Chevron talked about expansion plans


The meeting continued for more than four hours. Still, no decision from the /*Richmond Planning Commission*/ which could green-light the project, turn it down, or send it back to /*Chevron*/ for more information.

Plans to upgrade and expand /*Chevron's oil refinery in Richmond*/ have been in the works for three years. Critics still aren't sure the time is right.

Opponents used a game show theme to make their point before the planning commission meeting.

"Here's the Chevron wheel of misfortune. Give it a real good spin and see what goodies you get," said a Chevron refinery opponent to a crowd gathered outside the meeting site. "You get 2 chronic headaches."

Among the 250 or so people who filled the Kennedy High School auditorium were supporters who were hoping to see 1,200 new jobs that Chevron says the project would create.

"Well, the more jobs we have, those are union jobs, the more of us members will go back to work. A lot of people are out of work right now. A lot of people are out of work," said Lawrence Miller from the /*Operating Engineers*/ Local 3 Union.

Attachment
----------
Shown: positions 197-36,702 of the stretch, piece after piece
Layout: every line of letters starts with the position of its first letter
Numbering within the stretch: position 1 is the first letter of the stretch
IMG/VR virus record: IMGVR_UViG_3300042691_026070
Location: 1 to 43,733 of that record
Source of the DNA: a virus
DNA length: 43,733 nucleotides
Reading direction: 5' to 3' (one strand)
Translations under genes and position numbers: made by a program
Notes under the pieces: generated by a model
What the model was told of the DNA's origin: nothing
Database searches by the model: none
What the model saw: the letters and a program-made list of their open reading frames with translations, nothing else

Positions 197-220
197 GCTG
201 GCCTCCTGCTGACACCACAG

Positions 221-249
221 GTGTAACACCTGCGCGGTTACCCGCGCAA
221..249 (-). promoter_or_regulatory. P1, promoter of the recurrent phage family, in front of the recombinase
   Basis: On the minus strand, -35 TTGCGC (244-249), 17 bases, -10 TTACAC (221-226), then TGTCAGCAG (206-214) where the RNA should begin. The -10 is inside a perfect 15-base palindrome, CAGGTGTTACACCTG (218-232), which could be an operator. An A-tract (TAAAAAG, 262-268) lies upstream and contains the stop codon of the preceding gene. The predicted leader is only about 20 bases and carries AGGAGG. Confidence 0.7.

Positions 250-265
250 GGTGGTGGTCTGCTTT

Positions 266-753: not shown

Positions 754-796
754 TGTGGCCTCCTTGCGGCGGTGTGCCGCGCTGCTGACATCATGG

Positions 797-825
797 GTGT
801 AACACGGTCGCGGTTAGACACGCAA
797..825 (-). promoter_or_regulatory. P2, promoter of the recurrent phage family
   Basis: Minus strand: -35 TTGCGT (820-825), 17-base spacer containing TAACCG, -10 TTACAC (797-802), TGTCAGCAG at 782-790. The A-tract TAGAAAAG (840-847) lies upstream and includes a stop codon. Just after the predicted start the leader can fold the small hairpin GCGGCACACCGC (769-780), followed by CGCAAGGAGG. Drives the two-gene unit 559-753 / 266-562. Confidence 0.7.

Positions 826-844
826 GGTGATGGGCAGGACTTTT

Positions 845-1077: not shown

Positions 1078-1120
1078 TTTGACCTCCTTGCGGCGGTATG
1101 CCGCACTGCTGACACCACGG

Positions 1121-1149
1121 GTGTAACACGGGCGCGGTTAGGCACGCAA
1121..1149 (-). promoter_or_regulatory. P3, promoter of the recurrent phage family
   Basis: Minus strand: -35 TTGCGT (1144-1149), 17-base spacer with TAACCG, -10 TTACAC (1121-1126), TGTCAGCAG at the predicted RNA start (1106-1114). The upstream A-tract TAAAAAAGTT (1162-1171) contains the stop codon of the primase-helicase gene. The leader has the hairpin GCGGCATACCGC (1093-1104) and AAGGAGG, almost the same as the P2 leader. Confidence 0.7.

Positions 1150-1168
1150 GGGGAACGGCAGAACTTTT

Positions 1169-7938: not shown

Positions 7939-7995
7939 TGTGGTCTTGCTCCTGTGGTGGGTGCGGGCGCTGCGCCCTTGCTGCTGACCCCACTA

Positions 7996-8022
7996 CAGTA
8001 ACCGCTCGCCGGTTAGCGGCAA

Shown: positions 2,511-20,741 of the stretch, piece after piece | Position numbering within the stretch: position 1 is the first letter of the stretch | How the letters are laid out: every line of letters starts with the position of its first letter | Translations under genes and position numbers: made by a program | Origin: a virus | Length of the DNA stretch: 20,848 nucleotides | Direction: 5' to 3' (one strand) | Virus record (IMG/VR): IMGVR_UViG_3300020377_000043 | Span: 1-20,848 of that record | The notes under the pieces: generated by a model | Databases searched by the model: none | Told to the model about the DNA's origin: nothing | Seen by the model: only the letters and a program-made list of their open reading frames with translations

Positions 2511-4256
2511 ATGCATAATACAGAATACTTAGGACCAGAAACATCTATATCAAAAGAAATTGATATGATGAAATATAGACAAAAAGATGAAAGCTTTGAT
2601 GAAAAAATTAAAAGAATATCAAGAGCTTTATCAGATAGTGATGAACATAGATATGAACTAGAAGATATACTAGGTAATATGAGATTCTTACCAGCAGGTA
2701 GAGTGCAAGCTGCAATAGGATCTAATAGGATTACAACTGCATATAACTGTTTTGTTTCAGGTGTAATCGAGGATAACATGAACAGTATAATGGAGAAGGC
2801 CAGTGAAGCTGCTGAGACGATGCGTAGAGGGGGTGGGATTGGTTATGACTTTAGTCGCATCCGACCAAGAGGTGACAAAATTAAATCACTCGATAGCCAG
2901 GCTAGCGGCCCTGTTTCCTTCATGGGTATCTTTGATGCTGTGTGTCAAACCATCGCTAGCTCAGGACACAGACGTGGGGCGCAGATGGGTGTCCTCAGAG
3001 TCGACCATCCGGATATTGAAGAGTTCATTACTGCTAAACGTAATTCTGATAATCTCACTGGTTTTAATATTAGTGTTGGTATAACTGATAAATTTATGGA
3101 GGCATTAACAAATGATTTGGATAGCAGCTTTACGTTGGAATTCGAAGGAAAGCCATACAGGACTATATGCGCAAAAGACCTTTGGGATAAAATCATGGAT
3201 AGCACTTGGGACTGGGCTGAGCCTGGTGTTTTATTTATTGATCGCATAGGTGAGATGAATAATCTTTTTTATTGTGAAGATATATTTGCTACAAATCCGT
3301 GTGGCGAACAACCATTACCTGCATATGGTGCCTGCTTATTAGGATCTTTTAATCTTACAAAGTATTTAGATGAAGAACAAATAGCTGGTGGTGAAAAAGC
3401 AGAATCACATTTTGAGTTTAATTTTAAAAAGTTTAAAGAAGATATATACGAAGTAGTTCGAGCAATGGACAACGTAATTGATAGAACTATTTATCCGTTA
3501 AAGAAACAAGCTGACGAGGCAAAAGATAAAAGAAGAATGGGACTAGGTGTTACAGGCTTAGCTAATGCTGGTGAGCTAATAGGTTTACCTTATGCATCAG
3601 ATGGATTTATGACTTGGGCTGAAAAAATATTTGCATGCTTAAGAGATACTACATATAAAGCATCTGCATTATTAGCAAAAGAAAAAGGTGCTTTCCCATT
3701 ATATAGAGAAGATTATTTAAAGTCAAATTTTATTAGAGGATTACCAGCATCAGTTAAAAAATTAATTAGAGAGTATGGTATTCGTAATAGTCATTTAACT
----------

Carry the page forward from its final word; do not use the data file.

Environmental concerns have been driving much of the opposition. Critics worry the $800 million upgrade will allow Chevron to process heavier crude, which they fear will pump more pollution into the air.

"This project is actually about expanding the capacity of the refinery to refine dirtier crude oil. That hasn't even been examined by this /*environmental impact report*/ and we want them to send it back," said Roger Kim from the Asian Pacific Environmental Network.

The planning commission heard from an expert hired by the city and given access to Chevron documents who said the proposed upgrade would not allow for the processing of heavy crude.

"The refinery won't refine heavy crude after this project is built and it can't refine heavy crude now. The benefits of the project are we're going to have a more reliable refinery, reduced energy usage," said Dean O'Hair from Chevron.

City officials still want more information.

"I think the planning commission is looking at this critically and I think that's exactly what's called for. Myself, I think it's pretty simple. I don't think we have enough data from them," said Richmond Mayor /*Gayle McLaughlin*/.

Whatever the decision by the planning commission, it's expected to be appealed to the full city council. Chevron says the upgrade will allow it to make more California-grade fuel, but the company can't say if that will lower gas prices.

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